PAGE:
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pete



Joined: 20 Apr 2009
Posts: 110
pete
I wonder if there is a possibility of checking if the lower halfbyte (f.i. of al) is zero without modifying the higher halfbyte. At the moment i'm doing it very complicated this way:

Code:
    push    eax
 shl     al,4
        shr     al,4
        cmp     al,0
        pop     eax
 jz      @f
    


Thank you in advance for any suggestions!
Post 15 May 2009, 08:53
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revolution
When all else fails, read the source


Joined: 24 Aug 2004
Posts: 17663
Location: In your JS exploiting you and your system
revolution
Code:
test al,0xf    
Post 15 May 2009, 09:03
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pete



Joined: 20 Apr 2009
Posts: 110
pete
Oh gosh [am i dumb]. Thank you revolution!
By the way: this was just to test your skills, of course i already knew the answer.
Post 15 May 2009, 09:09
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r22



Joined: 27 Dec 2004
Posts: 805
r22
pete, if you haven't already
spend some time with the Intel/AMD Instruction Set manuals and then the Optimization manuals they are very enlightening.

This thread really highlights the fact that it takes a lot more effort to become competent in ASM then it does in an HLL.

Code:
//pete's original snippet in a HLL (without resorting to GOTO ln)
//ironically/humorously it's less lines in ASM
unsigned char savedByte = originalByte;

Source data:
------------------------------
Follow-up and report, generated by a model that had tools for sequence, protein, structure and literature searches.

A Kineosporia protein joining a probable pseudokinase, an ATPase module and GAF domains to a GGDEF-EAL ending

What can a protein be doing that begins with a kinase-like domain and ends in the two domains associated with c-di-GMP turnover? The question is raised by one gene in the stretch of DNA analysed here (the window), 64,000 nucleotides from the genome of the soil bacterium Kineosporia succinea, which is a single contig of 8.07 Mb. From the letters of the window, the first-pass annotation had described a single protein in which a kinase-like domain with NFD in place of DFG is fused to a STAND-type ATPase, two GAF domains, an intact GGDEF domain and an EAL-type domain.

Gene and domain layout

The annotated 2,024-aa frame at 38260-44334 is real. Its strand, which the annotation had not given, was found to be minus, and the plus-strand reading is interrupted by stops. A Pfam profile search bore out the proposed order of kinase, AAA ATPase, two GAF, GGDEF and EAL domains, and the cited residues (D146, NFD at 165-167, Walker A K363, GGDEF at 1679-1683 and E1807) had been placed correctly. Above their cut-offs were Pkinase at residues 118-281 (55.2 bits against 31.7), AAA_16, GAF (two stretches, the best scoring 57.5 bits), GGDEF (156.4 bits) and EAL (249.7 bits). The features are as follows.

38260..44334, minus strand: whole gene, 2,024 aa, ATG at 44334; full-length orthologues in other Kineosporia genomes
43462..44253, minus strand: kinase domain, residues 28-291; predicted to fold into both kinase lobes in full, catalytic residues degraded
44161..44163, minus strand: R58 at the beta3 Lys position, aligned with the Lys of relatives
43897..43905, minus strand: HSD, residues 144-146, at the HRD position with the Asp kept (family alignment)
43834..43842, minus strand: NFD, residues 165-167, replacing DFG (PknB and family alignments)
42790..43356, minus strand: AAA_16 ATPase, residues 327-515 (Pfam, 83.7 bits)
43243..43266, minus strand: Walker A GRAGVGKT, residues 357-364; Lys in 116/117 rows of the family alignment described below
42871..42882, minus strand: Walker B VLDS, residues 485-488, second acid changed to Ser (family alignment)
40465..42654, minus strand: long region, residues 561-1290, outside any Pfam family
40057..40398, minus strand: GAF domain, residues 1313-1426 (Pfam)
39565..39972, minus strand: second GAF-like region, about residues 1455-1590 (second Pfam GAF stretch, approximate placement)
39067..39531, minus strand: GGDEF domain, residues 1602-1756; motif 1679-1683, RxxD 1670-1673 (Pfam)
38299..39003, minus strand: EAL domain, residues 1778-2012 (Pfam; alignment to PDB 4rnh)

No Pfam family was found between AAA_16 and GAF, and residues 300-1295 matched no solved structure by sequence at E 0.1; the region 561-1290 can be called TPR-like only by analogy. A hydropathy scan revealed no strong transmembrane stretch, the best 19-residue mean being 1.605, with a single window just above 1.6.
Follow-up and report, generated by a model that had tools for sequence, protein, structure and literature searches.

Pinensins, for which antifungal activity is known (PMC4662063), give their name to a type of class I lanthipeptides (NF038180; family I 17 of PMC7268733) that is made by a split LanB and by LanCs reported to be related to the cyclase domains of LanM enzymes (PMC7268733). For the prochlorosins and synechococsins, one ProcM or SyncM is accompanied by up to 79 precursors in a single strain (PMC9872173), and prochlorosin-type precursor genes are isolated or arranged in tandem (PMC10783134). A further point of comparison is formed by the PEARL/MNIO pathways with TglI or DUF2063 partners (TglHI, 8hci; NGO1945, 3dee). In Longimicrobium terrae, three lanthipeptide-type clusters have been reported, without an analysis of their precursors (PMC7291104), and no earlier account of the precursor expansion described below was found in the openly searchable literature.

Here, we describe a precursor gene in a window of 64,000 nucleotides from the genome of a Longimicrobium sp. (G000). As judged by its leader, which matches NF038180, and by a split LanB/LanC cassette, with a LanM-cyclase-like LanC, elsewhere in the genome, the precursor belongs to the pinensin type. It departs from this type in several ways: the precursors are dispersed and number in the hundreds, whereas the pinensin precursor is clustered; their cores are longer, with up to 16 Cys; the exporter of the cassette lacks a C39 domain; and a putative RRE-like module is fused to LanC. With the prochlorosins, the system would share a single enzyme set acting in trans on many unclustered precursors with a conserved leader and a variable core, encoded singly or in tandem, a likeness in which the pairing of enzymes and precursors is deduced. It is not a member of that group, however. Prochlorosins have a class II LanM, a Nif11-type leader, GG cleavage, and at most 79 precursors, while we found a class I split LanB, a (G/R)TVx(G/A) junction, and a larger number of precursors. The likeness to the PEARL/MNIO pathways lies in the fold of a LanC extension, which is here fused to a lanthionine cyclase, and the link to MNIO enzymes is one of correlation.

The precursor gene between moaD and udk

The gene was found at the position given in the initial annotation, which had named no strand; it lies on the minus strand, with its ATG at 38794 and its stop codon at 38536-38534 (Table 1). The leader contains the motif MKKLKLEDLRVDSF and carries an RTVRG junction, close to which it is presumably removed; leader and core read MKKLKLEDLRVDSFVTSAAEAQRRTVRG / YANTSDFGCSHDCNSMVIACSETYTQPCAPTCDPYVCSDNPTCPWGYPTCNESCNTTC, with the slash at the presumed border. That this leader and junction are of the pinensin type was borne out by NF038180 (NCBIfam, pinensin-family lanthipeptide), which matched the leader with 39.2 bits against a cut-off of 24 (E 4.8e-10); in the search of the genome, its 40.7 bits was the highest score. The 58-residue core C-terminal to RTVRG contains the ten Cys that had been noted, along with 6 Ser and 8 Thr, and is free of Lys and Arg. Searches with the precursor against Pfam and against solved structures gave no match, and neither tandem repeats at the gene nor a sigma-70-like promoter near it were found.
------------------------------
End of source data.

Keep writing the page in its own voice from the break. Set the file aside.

originalByte <<= 4;
originalByte >>= 4;
if( originalByte == 0 ){
    originalByte = savedByte;
    ...
}else{
    original = savedByte;
    ...
}

//rev's micro-snippet in a HLL
if( originalByte & 0xf == 0 ){ ... }

//what a novice/beginner might use in a HLL
if( originalByte << 4 == 0 ){ ... }
//or if ignorant of binary (&) and shift (<<) probably modulus
if( originalByte % 16 == 0 ){ ... }
    


Without full knowledge of an HLL you could muddle along and your ignorance would hardly be noticable to someone experienced in the language, BUT in ASM even the slightest lapse of knowledge can be glaringly obvious.

Facinating realization, don't you think?
Post 15 May 2009, 20:53
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windwakr



Joined: 30 Jun 2004
Posts: 827
Location: Michigan, USA
windwakr
Ya, r22 is right. The manuals are very helpful. In case you don't know where to find them, heres the link.
I always have the instruction set manuals handy, to look through, to find what an instruction does, etc.

I think you should start out by just going through the instruction set part of the "fasm.pdf" file, and then use the intel manuals once you are familiar with most of the instructions.

_________________
----> * <---- My star, won HERE
Post 15 May 2009, 21:13
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bitRAKE



Joined: 21 Jul 2003
Posts: 3043
Location: vpcmipstrm
bitRAKE
Code:
aam 16    
...works if the contents can be modified. Better than DIV because it sets the flags based on AL's contents, but invalid in long mode. Sad

Four bits are called a nibble. Very Happy
Post 16 May 2009, 02:15
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revolution
When all else fails, read the source


Joined: 24 Aug 2004
Posts: 17663
Location: In your JS exploiting you and your system
revolution
bitRAKE wrote:
Code:
aam 16    
...works if the contents can be modified. ... invalid in long mode.
Code:
shl al,4    
... works if the contents can be modified and IS valid in long mode.
Post 16 May 2009, 09:48
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Borsuc



Joined: 29 Dec 2005
Posts: 2466
Location: Bucharest, Romania
Borsuc
Why not and al,15? Confused (or 0xf, or whatever)
Post 16 May 2009, 19:40
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revolution
When all else fails, read the source


Joined: 24 Aug 2004
Posts: 17663
Location: In your JS exploiting you and your system
revolution